Crossing The Rubicon
Anybody see the last episodes of “Mad Men” and “Rubicon” last evening?
Spoiler Alert. If you’ve got them on your DVRs, stop reading now, because I plan to comment on some of the outcomes.
First, Don Draper. Did anybody see that coming? Asking the new secretary to marry him on a trip to Disneyland, and using now deceased Anna’s ring? What a small world after all, especially for the lovely researcher, Dr. Faye, who’s on the losing end of this proposition, as she was assumedly in love with Draper, and he with her.
I dreaded Draper’s contacting Faye (or not) the rest of the episode. The from-the-couch psychotherapy that could be read into that decision (marrying his assistant over the professional working woman), particularly at that point in history…well, it could fill volumes.
Meanwhile, poor Peggy Olson puts on her advertising gumshoes and lands the troubled Topaz account virtually on her own, and nary a person in Sterling Cooper notices due to Don’s newlywed nuptials.
I can’t wait to see where Matthew Wiener takes this thing next season.
As for “Rubicon,” it’s my favorite new show on TV.
It’s everything impatient and reality TV isn’t. It makes you wait. It’s slow to unwind. But the looming backdrop is like a conspiracy unraveling amidst a greater web of conspiracy.
It’s impossible to dive right into this show and understand what’s going on. From the first episode, the backstory drove the narrative, and the conspiracy, but it’s been one that’s a real pleasure to see unwind.
When the rest of TV is beating up on your intelligence with sensory overload (“Ice Road Truckers,” “Dancing with the Stars”), “Rubicon” has been more like a storyline cabernet that just needed a few weeks to breathe and open up.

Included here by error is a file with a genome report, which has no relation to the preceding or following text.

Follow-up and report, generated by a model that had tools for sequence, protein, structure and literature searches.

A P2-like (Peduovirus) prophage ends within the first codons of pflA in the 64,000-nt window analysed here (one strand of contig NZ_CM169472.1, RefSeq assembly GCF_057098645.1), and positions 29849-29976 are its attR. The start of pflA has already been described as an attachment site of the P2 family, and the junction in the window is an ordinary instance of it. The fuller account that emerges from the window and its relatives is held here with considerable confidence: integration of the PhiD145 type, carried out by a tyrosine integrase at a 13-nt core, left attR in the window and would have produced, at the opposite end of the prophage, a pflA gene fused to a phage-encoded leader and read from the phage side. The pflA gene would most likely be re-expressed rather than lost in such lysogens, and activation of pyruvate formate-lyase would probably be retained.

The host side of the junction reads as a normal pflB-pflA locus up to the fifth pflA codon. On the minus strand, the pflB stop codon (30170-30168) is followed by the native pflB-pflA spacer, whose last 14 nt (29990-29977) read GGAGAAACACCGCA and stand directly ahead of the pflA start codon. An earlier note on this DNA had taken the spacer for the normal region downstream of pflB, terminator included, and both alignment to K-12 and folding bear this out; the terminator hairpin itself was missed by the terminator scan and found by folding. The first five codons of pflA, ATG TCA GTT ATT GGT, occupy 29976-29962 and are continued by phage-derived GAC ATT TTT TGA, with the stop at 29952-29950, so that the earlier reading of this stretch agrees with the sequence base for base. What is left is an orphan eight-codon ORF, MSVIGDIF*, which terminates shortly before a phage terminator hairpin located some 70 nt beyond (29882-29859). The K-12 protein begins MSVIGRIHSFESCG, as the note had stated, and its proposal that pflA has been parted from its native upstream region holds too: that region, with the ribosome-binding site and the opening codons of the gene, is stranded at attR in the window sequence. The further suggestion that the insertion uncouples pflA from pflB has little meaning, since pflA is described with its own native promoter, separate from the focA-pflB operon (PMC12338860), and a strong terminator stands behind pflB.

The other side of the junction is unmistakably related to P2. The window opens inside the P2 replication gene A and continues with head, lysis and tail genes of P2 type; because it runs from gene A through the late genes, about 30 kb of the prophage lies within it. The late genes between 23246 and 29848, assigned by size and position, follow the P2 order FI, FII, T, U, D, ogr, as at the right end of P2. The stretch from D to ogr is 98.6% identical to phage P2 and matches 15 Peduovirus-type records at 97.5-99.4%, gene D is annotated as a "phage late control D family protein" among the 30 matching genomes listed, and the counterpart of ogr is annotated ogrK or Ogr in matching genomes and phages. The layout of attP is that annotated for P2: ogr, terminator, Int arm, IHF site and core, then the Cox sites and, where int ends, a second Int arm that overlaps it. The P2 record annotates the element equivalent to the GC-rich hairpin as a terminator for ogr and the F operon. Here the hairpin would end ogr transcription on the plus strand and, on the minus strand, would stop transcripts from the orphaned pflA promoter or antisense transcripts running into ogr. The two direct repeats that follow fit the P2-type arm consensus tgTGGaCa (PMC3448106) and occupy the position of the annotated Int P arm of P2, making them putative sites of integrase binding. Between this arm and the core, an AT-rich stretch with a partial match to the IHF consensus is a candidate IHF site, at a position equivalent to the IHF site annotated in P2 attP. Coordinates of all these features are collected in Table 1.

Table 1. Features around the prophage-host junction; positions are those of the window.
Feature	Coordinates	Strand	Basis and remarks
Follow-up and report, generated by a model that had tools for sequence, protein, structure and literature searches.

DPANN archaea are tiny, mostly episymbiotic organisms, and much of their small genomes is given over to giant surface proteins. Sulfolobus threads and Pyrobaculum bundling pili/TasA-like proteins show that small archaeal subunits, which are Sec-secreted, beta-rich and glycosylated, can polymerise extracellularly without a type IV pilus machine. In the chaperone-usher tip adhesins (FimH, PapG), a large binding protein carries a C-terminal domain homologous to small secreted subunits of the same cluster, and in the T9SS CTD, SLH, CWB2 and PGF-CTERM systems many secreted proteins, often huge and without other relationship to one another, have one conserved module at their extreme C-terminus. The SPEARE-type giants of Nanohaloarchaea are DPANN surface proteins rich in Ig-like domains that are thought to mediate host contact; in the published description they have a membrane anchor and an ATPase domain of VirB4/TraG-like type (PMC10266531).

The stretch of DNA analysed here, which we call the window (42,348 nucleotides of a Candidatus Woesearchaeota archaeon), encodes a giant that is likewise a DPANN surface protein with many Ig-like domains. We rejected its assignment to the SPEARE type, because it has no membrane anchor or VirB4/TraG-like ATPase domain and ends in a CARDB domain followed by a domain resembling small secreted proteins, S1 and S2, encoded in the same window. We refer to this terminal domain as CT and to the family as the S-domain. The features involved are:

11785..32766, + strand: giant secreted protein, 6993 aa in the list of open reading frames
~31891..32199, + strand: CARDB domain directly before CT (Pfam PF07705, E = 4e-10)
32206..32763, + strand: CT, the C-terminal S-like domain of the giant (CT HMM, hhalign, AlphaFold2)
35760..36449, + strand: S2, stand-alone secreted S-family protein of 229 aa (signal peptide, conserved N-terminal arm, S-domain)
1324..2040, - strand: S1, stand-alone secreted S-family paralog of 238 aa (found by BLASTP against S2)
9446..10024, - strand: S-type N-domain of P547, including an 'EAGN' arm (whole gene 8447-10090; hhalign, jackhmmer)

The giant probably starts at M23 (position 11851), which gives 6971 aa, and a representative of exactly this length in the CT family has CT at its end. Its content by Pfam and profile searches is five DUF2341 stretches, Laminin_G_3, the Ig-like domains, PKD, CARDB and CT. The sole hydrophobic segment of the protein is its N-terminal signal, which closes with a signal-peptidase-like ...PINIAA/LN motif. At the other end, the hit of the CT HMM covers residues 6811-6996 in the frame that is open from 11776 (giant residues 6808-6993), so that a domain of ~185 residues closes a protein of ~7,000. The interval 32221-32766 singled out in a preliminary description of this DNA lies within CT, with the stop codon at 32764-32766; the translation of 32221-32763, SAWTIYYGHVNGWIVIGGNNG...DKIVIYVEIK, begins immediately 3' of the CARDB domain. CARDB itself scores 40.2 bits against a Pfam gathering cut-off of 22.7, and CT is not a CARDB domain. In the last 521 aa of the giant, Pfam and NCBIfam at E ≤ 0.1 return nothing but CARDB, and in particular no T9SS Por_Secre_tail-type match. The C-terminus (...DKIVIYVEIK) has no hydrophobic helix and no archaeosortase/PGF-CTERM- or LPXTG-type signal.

And open up it has. API analyst Will Travers uses his fine analytical abilities to connect one dot to another through most of the season, only to discover there’s a seemingly whole other portrait being painted, one that transcends that of the inside operation being planned by Truxton Spangler.
The terrorist attack in Galveston Bay was planned and masterminded by a cabal of insiders connected to Atlas MacDowell, but they’re convinced Spangler’s left too much of a trail linking the attack (purposely) to Iran, and with Will Travers having learned way too much.
Who’s ultimately pulling the strings, then, becomes the critical question. If not Spangler, if not his associates (who deliver the much feared four leaf clover, a death sentence in the show to date), then who?
That’s the key question left to the imagination, and one that will only likely be answered if “Rubicon” is picked up for another year.
My vote is most assuredly yes…then again, I’ve never been a big “Ice Road Truckers” fan.